Airbus and Boeing Report June 2019 Commercial Aircraft Orders and Deliveries

Airbus wins orders race at 53rd Paris Air Show, Boeing secures major 737 MAX vote of confidence

by J. Kasper Oestergaard, European Correspondent, Forecast International.

At the 53rd Paris Air Show in June, a total of 866 firm orders and commitments for commercial aircraft were announced – of which Airbus captured 363 ahead of Boeing’s 282 with the remainder going to Embraer, ATR and others. Photo Courtesy: Airbus S.A.S.

Boeing and Airbus delivered 39 and 76 commercial jets in June 2019, compared to 82 and 80 deliveries, respectively, in the same month last year. Boeing’s deliveries have taken a severe hit since the March 10 crash of Ethiopian Airlines Flight 302, a 737 MAX, and the subsequent deliveries halt and grounding of the fleet. Boeing decided on March 14 to suspend all deliveries of 737 MAX jets. The crashes were with a high degree of certainty caused by the aircraft’s Maneuvering Characteristics Augmentation System (MCAS), which suddenly activated in response to erroneous angle of attack information. In 2018, Boeing delivered 806 jets (763 in 2017), with Airbus handing over 800 (718 in 2017). With 239 deliveries this year to date, Boeing is 139 shipments behind last year’s total for the first half of the year. Airbus delivered a total of 389 jets from January to June, compared to just 303 during the same period last year.


In June 2019, Boeing delivered seven 737s (all were 737 NGs). Boeing is still producing 737 MAX jets at a reduced rate of 42 aircraft per month, and thereby building up an inventory of aircraft ready to be shipped. During 2018, Boeing raised its 737 production rate to 52 and was planning for a further increase to 57 per month from June this year. Producing the 737 MAX at a reduced rate will allow the company to prioritize additional resources to focus on returning the 737 MAX to flight. The Federal Aviation Administration (FAA) has established a Boeing 737 MAX Joint Authorities Technical Review (JATR) comprising a team of experts from the FAA, NASA, and international aviation authorities. The review sessions commenced on April 29, and the JATR team’s work is expected to take until the end of July; however, an exact date has not been announced. On May 16, Boeing announced that it had completed development of the updated software for the 737 MAX and that it had flown the aircraft with updated MCAS software for more than 360 hours on 207 flights. On May 23, the FAA held a full-day meeting with representatives from 33 global regulatory bodies to discuss the process for bringing the 737 MAX back into service. On June 26, Boeing announced that the FAA has identified an additional requirement that it has asked the company to address as it updates the software, and Boeing is now working to implement this. To date, Boeing has delivered 387 737 MAXs, of which 57 were delivered in Q1 2019. A total of 256 737 MAX jets were delivered in 2018, up from 74 in 2017. In June 2019, Boeing also delivered one 747-8, four 767s, six 777s, and an impressive 19 787s, which is a new all-time record high for that model in a single month. Boeing recently raised the monthly Dreamliner production rate to 14 aircraft. Boeing delivered 145 787s in 2018, up from 136 in 2017.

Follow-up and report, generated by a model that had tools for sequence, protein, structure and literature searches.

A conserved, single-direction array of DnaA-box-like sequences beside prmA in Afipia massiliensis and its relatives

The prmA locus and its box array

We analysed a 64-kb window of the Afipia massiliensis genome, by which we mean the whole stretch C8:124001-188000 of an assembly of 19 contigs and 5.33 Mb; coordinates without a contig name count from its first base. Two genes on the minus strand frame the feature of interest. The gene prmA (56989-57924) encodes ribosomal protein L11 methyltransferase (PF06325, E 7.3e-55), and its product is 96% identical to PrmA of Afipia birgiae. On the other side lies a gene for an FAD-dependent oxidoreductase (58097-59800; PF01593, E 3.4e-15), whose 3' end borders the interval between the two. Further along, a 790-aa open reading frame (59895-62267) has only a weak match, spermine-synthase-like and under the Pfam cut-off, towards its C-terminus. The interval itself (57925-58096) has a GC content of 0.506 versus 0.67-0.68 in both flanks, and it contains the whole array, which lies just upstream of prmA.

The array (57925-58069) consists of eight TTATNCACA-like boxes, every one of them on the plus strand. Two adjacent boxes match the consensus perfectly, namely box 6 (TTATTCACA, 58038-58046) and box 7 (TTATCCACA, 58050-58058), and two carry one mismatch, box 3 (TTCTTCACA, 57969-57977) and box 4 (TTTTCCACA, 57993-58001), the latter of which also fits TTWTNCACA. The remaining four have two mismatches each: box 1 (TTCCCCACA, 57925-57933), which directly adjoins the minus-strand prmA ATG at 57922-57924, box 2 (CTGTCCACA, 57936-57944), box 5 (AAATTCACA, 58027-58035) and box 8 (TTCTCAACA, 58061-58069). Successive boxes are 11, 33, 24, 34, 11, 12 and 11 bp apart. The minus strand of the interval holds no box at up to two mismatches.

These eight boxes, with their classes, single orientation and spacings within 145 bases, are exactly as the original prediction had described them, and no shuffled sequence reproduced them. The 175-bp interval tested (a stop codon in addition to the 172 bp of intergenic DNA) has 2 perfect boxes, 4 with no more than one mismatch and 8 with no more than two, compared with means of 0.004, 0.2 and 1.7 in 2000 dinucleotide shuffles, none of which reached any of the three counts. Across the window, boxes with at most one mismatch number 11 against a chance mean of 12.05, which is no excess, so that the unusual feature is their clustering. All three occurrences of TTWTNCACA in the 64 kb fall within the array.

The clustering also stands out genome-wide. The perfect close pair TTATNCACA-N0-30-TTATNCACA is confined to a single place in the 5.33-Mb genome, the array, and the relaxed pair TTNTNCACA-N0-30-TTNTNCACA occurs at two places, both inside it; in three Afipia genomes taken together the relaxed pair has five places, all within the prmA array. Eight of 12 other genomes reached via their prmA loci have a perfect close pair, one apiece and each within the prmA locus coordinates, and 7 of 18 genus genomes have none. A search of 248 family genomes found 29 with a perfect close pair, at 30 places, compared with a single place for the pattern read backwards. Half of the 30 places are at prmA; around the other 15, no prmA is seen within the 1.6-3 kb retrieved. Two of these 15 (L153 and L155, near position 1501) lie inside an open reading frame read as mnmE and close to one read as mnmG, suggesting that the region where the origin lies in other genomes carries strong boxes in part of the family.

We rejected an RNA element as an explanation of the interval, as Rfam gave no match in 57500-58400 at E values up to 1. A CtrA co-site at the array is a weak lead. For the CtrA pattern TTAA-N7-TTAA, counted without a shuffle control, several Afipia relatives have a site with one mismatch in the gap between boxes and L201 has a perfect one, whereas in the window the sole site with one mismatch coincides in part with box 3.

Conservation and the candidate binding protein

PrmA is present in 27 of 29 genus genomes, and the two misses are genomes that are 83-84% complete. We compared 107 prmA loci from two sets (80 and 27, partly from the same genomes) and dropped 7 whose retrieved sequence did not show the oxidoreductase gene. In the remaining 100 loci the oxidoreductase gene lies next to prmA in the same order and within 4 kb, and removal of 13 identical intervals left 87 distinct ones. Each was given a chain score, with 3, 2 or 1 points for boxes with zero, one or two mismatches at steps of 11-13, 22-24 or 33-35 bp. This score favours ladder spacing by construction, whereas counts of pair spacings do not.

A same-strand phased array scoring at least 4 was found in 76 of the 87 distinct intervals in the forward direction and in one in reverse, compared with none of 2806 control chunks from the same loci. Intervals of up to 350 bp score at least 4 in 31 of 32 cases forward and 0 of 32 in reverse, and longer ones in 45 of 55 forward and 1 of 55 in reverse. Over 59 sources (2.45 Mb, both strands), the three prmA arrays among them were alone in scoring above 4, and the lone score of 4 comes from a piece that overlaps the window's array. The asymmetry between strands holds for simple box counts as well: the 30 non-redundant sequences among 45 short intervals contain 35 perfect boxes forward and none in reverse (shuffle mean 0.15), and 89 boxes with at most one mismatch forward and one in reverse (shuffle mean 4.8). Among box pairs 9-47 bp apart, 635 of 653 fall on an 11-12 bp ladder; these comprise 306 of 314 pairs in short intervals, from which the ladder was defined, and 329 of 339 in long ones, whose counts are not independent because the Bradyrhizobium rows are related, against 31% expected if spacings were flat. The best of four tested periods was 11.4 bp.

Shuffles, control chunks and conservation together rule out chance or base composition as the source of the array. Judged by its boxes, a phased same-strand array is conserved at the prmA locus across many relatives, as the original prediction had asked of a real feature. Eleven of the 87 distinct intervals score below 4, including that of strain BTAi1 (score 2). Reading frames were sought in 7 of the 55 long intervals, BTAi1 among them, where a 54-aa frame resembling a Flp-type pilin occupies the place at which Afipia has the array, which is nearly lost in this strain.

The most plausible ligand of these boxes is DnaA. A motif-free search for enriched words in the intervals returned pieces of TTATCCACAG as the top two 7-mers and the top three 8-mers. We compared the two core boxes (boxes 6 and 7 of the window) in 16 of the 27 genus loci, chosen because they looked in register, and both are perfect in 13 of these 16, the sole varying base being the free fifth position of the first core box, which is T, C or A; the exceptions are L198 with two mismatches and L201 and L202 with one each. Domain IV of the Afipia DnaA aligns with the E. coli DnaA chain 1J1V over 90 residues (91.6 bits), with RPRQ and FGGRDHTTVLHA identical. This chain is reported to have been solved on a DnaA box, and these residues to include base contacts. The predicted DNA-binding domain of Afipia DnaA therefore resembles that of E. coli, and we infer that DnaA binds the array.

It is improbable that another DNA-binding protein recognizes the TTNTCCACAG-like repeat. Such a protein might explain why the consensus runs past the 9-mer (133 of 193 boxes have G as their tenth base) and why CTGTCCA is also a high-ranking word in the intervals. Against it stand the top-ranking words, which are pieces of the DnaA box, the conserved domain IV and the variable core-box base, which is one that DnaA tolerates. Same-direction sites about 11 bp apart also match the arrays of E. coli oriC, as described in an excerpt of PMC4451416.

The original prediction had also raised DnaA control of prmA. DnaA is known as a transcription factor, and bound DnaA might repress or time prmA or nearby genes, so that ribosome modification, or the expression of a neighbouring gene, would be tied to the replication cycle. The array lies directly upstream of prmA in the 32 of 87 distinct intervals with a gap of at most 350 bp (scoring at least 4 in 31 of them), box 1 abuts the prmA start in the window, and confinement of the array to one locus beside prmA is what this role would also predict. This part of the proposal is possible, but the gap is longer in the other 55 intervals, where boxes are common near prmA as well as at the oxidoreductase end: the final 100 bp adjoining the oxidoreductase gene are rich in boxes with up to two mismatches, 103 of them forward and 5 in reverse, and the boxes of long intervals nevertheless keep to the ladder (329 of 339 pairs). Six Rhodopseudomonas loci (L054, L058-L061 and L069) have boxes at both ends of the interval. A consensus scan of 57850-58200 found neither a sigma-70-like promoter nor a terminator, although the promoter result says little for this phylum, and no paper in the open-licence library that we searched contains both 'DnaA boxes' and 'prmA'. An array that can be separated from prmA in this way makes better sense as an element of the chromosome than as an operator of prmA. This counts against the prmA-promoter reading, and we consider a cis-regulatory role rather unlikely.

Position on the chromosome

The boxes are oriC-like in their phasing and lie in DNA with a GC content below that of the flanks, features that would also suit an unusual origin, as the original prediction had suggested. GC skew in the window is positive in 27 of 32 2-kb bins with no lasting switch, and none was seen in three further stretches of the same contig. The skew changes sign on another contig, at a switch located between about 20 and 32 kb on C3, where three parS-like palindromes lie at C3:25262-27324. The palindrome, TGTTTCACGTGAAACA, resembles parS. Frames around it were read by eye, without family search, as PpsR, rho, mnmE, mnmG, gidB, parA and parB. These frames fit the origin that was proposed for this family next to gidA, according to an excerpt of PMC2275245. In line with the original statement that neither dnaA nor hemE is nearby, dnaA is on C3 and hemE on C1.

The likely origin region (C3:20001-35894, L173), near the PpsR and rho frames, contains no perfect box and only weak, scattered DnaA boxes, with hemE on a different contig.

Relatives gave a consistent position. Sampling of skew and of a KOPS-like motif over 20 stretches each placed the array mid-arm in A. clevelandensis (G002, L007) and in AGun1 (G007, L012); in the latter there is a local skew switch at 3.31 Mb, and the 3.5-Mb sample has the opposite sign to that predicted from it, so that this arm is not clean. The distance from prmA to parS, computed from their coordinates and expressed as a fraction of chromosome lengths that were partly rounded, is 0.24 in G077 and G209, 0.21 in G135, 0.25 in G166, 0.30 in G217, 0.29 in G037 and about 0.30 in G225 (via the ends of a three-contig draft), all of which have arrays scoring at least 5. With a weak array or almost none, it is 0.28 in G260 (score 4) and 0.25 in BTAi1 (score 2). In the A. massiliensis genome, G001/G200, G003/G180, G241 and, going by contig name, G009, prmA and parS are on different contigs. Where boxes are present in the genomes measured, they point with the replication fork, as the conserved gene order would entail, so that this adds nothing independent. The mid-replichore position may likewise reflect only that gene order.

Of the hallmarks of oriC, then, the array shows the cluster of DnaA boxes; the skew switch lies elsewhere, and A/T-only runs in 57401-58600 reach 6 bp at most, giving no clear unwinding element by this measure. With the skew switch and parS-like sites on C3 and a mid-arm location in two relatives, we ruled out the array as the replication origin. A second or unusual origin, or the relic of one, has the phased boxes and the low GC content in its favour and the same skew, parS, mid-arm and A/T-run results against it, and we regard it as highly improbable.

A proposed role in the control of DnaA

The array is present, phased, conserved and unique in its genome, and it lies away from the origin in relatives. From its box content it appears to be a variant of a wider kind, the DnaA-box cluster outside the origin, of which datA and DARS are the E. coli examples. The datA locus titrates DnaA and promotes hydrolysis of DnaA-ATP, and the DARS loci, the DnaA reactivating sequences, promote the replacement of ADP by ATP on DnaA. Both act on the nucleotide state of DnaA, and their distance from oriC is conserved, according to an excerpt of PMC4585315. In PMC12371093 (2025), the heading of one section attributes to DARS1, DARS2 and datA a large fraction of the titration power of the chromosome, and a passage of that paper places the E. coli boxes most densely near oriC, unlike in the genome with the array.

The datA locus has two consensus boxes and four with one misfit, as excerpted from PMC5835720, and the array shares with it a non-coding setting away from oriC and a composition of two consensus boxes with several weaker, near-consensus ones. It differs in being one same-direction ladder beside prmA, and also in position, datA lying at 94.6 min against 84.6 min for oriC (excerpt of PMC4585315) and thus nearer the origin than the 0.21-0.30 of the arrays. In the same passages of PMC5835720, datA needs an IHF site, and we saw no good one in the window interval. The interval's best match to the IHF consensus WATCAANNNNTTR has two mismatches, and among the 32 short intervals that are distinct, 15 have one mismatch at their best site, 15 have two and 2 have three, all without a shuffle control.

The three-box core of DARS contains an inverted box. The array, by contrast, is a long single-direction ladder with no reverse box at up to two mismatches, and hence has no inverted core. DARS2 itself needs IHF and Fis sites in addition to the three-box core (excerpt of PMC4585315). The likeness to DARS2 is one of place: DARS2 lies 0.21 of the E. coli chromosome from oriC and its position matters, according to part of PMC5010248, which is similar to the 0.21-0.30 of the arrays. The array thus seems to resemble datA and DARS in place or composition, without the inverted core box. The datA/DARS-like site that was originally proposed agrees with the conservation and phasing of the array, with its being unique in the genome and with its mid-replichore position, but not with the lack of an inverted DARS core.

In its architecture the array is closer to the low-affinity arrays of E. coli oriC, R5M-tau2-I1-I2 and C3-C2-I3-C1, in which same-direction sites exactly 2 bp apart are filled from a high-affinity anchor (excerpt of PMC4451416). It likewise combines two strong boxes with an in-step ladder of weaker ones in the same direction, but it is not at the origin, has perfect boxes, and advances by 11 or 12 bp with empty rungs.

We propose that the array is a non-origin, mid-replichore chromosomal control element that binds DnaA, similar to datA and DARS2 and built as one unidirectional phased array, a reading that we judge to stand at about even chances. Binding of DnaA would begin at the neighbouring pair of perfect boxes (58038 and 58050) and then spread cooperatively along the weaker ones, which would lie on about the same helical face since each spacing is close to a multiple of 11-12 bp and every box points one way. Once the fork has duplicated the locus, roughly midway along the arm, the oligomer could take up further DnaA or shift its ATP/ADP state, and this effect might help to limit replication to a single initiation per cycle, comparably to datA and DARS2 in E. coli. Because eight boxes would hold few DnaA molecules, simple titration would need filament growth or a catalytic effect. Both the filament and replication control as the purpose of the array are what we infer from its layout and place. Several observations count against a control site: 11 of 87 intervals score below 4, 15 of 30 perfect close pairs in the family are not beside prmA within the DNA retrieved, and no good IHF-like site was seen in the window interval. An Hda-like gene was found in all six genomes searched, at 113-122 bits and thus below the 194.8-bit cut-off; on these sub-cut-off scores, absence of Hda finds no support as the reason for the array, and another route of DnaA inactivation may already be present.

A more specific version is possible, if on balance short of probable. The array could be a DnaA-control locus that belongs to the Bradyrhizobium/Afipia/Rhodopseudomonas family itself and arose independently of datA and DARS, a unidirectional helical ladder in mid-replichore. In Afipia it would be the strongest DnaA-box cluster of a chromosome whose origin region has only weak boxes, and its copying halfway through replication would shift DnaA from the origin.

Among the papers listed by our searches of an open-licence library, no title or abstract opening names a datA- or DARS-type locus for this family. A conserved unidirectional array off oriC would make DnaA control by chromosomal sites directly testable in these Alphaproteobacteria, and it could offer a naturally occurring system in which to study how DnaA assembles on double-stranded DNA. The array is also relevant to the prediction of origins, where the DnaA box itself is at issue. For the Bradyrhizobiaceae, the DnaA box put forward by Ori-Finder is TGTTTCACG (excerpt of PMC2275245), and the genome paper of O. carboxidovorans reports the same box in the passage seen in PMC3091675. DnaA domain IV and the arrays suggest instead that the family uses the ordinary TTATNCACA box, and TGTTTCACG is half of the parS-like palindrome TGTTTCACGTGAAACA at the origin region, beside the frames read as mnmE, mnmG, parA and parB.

In June 2019, Airbus delivered six A220s, 54 A320s (10 CEO / 44 NEO), five A330s, 10 A350s, and one A380. A total of 386 A320neo family aircraft were delivered in 2018, up from 181 and 68 in 2017 and 2016, respectively. Later this year, Airbus expects to increase the A320 production rate to 60 aircraft per month. The company is targeting a raise to 63 jets per month from 2021. Airbus delivered 93 A350s in 2018, up from 78 in 2017, and recently increased the monthly production rate to 10. Airbus is considering a further increase up to 13 A350s per month, but no date has yet been announced. With the ramp-up of A350 XWB deliveries combined with a higher A320 production rate, Airbus has nearly eliminated Boeing’s deliveries lead in recent years. Following the tragic 737 MAX events, in 2019 Airbus is almost certain to deliver more aircraft than Boeing.


Turning to the orders race, Boeing had another quiet month in June. Boeing logged nine gross orders excluding three 737 MAX cancellations, resulting in six net new orders. Boeing’s June bookings included six 767-300 freighters for FedEx, two 777 freighters for DHL, and a single 787-9 Dreamliner for Air Lease Corporation. Year to date, Boeing has accumulated 108 gross orders (227 cancellations => -119 net new orders). For full-year 2018, Boeing booked 893 net new orders (1,008 gross orders).